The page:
August 28, 2012

Can Rafael Soriano handle postseason pressure?

The uniform number that will be enshrined twice at Yankee Stadium is also the number of saves Mariano Rivera has recorded in 16 years of pitching in the postseason. That number, of course, is 42, which is 41 more than his successor has.

Rafael Soriano, who will forever be linked to Mo whether it's fair or not, may not be able to hold up to the pressure of the postseason. It's too early to tell; he's only pitched in six games. But the Yankees should proceed with caution, especially after what he did last night.

Soriano can pitch. He's doing about as good as we'd expect of Rivera this season. Sure, watching him allow last night's three-run homer was a big blow. But I'm more concerned with how he handled it, and what that means about his mental toughness, which is needed to record the biggest of saves.

Soriano abandoned the media after blowing a save. The Daily News' John Harper might look bad for complaining about a player not talking to him, but that's not his point. His real point, though, is a good one.

He was gone before the Yankees’ PR people could even find him to ask if he would answer questions from the media.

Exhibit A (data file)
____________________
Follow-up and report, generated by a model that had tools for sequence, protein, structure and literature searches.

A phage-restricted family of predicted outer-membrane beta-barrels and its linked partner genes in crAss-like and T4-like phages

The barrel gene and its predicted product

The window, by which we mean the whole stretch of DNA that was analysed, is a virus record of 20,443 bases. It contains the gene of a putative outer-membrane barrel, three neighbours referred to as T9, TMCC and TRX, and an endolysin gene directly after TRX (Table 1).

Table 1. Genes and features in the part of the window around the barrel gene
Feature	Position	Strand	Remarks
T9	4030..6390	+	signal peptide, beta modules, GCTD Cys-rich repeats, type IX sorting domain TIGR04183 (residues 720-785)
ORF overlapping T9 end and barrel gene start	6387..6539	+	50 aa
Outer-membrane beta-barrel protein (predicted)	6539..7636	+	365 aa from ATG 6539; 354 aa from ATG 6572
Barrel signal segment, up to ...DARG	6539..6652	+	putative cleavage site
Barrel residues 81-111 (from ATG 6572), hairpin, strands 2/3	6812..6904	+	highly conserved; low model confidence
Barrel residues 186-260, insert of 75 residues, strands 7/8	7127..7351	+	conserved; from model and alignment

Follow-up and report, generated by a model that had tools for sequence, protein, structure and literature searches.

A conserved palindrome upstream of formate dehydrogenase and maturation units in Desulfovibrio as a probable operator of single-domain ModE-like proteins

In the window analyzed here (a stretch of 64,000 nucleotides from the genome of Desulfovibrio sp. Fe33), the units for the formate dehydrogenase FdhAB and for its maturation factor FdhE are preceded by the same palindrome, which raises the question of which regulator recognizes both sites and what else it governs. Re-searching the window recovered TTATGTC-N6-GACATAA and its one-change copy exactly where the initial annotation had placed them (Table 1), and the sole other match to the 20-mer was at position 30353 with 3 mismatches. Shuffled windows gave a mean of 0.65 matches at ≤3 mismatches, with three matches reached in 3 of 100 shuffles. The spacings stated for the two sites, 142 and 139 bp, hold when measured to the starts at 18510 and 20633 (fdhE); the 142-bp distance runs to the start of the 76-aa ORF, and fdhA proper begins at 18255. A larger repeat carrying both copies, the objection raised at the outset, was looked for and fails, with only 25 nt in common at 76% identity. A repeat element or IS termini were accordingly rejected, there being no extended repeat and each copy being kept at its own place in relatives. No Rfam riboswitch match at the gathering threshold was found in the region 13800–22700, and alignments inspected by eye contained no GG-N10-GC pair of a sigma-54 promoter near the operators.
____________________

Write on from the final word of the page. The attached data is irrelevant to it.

And don’t get this wrong: it’s not a media issue, it’s an accountability issue. It’s about being a professional in a clubhouse that has oozed professionalism since the day Derek Jeter showed up some 16 years ago.

From a media standpoint, the Yankees may be terribly boring, to the point where the clubhouse can feel more like a corporate boardroom. But they are always pros, understanding there is a responsibility to show up at their lockers on the bad days as well as the good.

The responsibility is to the fans, but also to themselves. Players hate nothing more than having to answer for a player who ducks out on the tough questions. They may not say it publicly, but they see it as a lack of respect for the rest of the guys in the room.

As in: don’t make me clean up your mess.
Harper is right, and I'll be watching Soriano more closely off the field than on down the stretch and eventually in the postseason.

Do you think Soriano can handle the pressure of closing a postseason game?

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